With the first Fed rate hike of 2018 likely to occur later this month, we’re going to start hearing a lot more about debt.
As interest rates rise, companies that have become excessively leveraged during an era of cheap borrowing may find the rising costs of that debt punitive.
Why does this matter to long-term investors like ourselves? Quite simply, too much financial leverage puts a business model at risk, especially in more difficult operating environments. We have seen this time and again throughout the business cycle, where paying liabilities becomes more difficult as earnings and cash flows fall. This, in turn, could adversely affect growth plans and put pressure on dividends. Credit markets also price-in more risk through higher yields and, as investors fret over a company’s ability to pay its dividend, there’s the knock-on effect of lower equity pricing.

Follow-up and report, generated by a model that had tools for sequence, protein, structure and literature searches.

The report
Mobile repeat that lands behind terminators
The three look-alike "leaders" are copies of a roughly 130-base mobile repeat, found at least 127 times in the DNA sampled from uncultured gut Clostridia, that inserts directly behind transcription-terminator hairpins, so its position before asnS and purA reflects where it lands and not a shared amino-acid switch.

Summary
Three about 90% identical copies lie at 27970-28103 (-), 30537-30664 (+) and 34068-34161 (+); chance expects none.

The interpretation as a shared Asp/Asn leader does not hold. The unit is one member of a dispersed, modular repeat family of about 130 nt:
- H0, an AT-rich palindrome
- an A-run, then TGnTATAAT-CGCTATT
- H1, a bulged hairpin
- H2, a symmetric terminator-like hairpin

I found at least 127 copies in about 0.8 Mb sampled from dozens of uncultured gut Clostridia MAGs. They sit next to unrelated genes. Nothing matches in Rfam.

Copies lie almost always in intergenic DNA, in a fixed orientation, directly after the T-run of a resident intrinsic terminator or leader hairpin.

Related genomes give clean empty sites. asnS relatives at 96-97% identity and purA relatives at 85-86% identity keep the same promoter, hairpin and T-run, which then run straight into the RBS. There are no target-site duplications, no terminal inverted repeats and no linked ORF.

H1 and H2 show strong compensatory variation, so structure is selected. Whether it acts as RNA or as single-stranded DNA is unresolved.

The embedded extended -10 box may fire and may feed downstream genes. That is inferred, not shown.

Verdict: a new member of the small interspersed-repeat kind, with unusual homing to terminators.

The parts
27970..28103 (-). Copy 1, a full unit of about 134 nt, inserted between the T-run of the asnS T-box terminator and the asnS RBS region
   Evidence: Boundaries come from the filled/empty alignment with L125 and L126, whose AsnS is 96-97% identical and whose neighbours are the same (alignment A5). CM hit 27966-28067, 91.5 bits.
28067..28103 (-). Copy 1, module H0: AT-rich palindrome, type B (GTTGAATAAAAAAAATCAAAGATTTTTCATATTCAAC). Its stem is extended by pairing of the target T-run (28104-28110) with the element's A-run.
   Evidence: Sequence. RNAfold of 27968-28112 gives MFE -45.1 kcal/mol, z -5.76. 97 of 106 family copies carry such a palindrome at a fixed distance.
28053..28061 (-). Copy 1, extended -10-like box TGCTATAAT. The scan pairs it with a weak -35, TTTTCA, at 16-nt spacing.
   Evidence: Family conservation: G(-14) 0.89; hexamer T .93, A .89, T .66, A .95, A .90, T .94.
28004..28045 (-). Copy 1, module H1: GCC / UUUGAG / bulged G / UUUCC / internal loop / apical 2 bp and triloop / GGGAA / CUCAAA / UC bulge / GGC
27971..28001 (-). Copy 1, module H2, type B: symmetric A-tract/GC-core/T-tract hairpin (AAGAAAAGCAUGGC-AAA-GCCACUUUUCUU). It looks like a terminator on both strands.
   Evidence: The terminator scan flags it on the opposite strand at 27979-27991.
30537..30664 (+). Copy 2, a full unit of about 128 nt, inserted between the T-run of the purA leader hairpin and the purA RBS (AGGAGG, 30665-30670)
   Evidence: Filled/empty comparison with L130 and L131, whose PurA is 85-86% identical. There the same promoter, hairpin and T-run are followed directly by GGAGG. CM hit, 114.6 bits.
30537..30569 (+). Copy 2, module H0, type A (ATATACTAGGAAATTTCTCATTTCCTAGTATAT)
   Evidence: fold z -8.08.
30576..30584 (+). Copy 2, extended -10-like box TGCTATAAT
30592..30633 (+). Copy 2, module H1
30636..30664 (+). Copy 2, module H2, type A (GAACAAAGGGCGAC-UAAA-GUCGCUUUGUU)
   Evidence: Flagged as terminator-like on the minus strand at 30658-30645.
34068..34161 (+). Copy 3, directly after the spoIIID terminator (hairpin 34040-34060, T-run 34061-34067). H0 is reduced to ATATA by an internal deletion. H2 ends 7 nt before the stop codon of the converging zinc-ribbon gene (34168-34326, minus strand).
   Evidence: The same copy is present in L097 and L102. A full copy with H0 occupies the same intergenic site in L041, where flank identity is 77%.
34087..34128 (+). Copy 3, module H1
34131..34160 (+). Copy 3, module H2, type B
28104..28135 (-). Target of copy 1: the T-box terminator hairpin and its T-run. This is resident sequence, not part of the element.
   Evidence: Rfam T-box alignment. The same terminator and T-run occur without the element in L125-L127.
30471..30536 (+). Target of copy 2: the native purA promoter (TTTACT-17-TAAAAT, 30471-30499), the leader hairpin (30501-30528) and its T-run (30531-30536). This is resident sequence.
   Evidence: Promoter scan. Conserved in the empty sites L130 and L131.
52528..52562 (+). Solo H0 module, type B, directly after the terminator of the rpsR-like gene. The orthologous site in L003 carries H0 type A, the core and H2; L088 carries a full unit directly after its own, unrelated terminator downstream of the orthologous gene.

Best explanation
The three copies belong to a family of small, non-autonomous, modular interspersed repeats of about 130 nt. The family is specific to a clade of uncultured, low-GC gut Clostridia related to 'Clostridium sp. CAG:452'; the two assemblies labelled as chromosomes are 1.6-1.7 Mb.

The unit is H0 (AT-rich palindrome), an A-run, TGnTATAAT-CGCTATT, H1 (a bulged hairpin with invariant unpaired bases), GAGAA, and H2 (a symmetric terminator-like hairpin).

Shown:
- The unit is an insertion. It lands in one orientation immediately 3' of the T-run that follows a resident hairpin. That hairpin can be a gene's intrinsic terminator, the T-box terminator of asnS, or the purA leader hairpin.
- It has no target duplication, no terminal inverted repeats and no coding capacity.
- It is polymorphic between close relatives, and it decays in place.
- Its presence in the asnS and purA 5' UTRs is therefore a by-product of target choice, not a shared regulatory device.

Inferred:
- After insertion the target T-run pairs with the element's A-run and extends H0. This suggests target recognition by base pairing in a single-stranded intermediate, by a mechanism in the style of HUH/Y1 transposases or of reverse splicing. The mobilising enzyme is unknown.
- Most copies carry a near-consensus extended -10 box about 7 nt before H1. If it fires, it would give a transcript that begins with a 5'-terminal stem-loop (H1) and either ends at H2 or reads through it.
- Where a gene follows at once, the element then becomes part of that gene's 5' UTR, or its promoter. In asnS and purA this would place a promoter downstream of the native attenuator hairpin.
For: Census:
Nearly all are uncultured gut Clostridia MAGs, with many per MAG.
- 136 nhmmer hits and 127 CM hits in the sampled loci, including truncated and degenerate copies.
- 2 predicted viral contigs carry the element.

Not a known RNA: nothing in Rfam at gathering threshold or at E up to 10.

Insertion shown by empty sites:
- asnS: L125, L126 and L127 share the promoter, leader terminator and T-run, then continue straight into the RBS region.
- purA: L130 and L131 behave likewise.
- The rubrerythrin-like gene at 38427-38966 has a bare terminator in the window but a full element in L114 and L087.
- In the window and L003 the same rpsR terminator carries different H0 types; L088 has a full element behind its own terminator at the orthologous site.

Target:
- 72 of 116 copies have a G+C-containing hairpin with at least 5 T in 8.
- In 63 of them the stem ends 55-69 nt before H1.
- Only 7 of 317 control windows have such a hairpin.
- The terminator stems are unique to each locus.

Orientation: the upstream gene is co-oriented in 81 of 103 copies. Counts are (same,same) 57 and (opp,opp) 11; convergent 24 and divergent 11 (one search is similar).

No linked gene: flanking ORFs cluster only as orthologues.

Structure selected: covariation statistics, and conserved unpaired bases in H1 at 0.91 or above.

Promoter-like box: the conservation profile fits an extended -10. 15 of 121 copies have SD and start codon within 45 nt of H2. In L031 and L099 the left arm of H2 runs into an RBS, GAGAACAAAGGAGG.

Credit analysis is therefore a fundamental part of our investment process to identify and avoid overly levered companies. For instance, in February, we sold a US semiconductor manufacturer for exactly this reason. The company has a diverse portfolio, consisting of many products where it is a market leader, either through technological advantage or scale, and our original investment thesis assumed a continued strategy of small, bolt-on acquisitions. However, its attempt to acquire a rival involved a very large level of incremental debt (greater than US$1 billion) at a potential peak in the semiconductor cycle. And all at a time when interest rates might rise considerably. As a result, we felt the company no longer passes our credit analysis and the risk/reward for shareholders had worsened.
Time spent analysing company balance sheets to ensure they are appropriate for the type of business a firm is undertaking is always incredibly valuable. But we believe this kind of work will become even more relevant in the ‘new normal’ of higher rates.